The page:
This entire combine has to go down as one of the more athletic groups that we have had compete in these workouts. We had records set all over the place, led by John Ross’ 40 yard dash.
The defensive line was also one of the more impressive groups from those workouts. The group had 12 participants run 4.70 or faster. Admittedly, a few of those faster participants should have probably been a part of the linebacker group based on size and how they project to the next level. Because of that, I’m going to leave Haason Reddick off of the winners list even though he may have helped himself more than any other prospect.
Outside of the timed drills, I was really impressed at the athleticism I saw in the bag drills. Almost everyone seemed fairly athletic, especially the higher profile prospects. While timed drills can be a factor I think change of direction, short area quickness, and overall fluidity are much more important for those playing in the box the majority of the time.
Myles Garrett, Defensive End, Texas A&M
Garrett is a freak which shouldn’t be surprising if you’ve seen some of the plays he makes. He did well in every test and drill. He doesn’t have the greatest hands but he doesn’t need to be used in unique ways. Don’t over think it like the early years with Clowney. Line him up and let him go.
Charles Harris, Edge, Missouri
Harris was someone who was fighting to solidify himself in the early round and if you believe the workouts impact that, I believe he should have certainly helped himself. While his 40 yard dash wasn’t at all impressive for his height/weight, he knocked the bag and cone drills out of the park. He looked smooth and quick in every drill and looked like the most natural pass catcher of the group during drop drills. I was super impressed with the way he moved and will definitely be going back to the film to see if he really is that athletic or just had some outstanding preparation. Harris did have a surprisingly poor three cone drill despite showing well in the drills.
Carl Lawson, Edge, Auburn
Lawson is an explosive rusher that proved his speed and quickness. His 40 time was impressive, as was most of his testing. The only drill he struggled with was the three cone drill which is included in a handful of other surprising struggles with this drill from the class. Lawson seemed tight in his lower half on film but does have appeal. He also couldn’t catch a cold in the drills that involved catching.
Tim Williams, Edge, Alabama
Williams is probably the most explosive prospect with the best first step and is the best bender in the entire class of edge rushers. There are big time questions about whether he can play versus the run and be more than a situational player. There are also questions that have been brought up about some off field things that had the potential to hurt his draft stock. While knowing all that, it seemed that Williams was going to one of the rushers that ended up having a great combine. That wasn’t the case. Williams still ran a 4.68, but that was average at best for what he was being projected to run. Not only that, but pretty much every test was average to below average, including a concerning 4.57 short shuttle and 7.36 three cone drill. As far as the workouts go, he wasn’t nearly as fluid as anticipated and those too were lackluster.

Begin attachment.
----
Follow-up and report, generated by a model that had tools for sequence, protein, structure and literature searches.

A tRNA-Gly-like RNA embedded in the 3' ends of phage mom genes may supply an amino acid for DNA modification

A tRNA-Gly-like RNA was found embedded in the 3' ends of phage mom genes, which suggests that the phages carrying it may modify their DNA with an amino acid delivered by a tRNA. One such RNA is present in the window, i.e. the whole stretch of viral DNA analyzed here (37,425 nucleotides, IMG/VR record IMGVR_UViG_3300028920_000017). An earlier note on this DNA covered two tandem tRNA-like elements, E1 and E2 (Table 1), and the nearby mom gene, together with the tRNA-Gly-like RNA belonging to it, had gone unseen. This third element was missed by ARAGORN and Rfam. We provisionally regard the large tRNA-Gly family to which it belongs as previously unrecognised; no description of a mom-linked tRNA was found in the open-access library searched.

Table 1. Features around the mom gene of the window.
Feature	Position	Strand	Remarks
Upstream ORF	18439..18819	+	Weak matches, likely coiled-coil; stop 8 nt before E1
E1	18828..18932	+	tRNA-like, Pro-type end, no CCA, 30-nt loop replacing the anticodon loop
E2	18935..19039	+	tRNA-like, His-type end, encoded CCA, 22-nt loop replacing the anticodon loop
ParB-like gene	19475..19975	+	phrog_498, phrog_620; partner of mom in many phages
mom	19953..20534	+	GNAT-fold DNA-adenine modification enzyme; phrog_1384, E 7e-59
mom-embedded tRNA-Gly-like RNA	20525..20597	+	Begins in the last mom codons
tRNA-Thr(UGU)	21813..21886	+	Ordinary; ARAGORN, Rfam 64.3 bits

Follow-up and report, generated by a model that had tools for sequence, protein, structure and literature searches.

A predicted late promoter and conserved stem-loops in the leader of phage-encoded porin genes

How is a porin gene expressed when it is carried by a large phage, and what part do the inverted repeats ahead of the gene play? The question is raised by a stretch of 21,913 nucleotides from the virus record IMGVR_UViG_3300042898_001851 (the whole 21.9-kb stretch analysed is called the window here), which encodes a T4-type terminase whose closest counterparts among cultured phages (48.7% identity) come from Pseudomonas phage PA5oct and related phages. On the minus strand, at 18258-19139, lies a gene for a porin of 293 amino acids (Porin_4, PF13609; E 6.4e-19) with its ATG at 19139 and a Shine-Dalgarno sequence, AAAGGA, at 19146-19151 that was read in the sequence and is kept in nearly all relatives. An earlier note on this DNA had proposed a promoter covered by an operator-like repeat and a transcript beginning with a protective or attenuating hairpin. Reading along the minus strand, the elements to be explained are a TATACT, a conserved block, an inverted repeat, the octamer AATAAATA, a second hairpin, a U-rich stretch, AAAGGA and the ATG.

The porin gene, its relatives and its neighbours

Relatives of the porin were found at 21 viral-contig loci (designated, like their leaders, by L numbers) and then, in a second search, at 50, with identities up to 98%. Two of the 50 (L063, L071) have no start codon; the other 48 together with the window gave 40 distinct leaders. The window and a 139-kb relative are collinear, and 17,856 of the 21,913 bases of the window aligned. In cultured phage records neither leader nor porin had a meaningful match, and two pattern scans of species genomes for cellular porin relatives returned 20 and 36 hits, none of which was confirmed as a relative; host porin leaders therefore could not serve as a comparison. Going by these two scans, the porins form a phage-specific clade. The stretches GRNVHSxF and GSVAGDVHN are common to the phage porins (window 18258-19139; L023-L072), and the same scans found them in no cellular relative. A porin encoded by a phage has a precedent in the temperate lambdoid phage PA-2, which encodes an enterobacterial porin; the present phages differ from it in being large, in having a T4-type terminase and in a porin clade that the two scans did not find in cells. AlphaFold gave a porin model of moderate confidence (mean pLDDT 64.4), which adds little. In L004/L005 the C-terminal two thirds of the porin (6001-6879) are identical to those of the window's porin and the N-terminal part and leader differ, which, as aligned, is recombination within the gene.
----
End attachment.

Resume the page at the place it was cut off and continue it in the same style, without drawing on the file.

Jaleel Johnson, Iowa, Defensive Tackle
Johnson was gaining some steam in recent weeks because of his motor, lateral quickness for his size and for having some impressive playing strength. He shows fairly well on film, and combined with his size and quickness Johnson is an intriguing prospect. However, Johnson did nothing to help himself this past weekend and in fact, might have hurt himself. Now at 6’3” 315, no one expected a blazing 40, but running almost 5.4 is borderline embarrassing. Combine that with 19 bench reps and one of the worst three cone drills of the group, it wasn’t a very good showing overall.
Jarron Jones, Notre Dame, Defensive Tackle
Jones has been pegged as a model of inconsistency. You will hear most say that if he played like he did against Miami this season he would be a first round pick all day. But the issue was that he never maintained that type of play from game to game, and many times not even on a play to play for that matter. Jones didn’t participate in most of the tests, but his 40 was just fine and his bench was just okay. His vertical was surprisingly bad for someone that looks explosive and was a former high school basketball player. The most concerning thing was how stiff he appeared in bag drills and cones drills. It was not good. His pro day workout will be very important in order to get baseline numbers for the tests he missed and as an opportunity to improve in drills.
Win some, lose some:
Jonathan Allen, Alabama, Defensive End
Jonathan Allen had a poor three cone drill, but aside from that he checked off most of the boxes. He also was one of the standouts in the bag and cone drills and appeared to continue on his path to being a top 5 pick. However, but the medical review surfacing that Allen has arthritis in his shoulders that is being described and “medium” in severity may bring his landing spot into question. We still need to wait a couple more days before all of the tests come out before we can start to hear the leaks come out about how bad they are. In the short term, this sounds like it may cost Allen some money based on his draft position. However, there is some silver lining. He now could have a chip on his shoulder to prove the player he is, and depending how far he falls Allen could have an opportunity to play for a team that will be competing next year instead of a team that is rebuilding.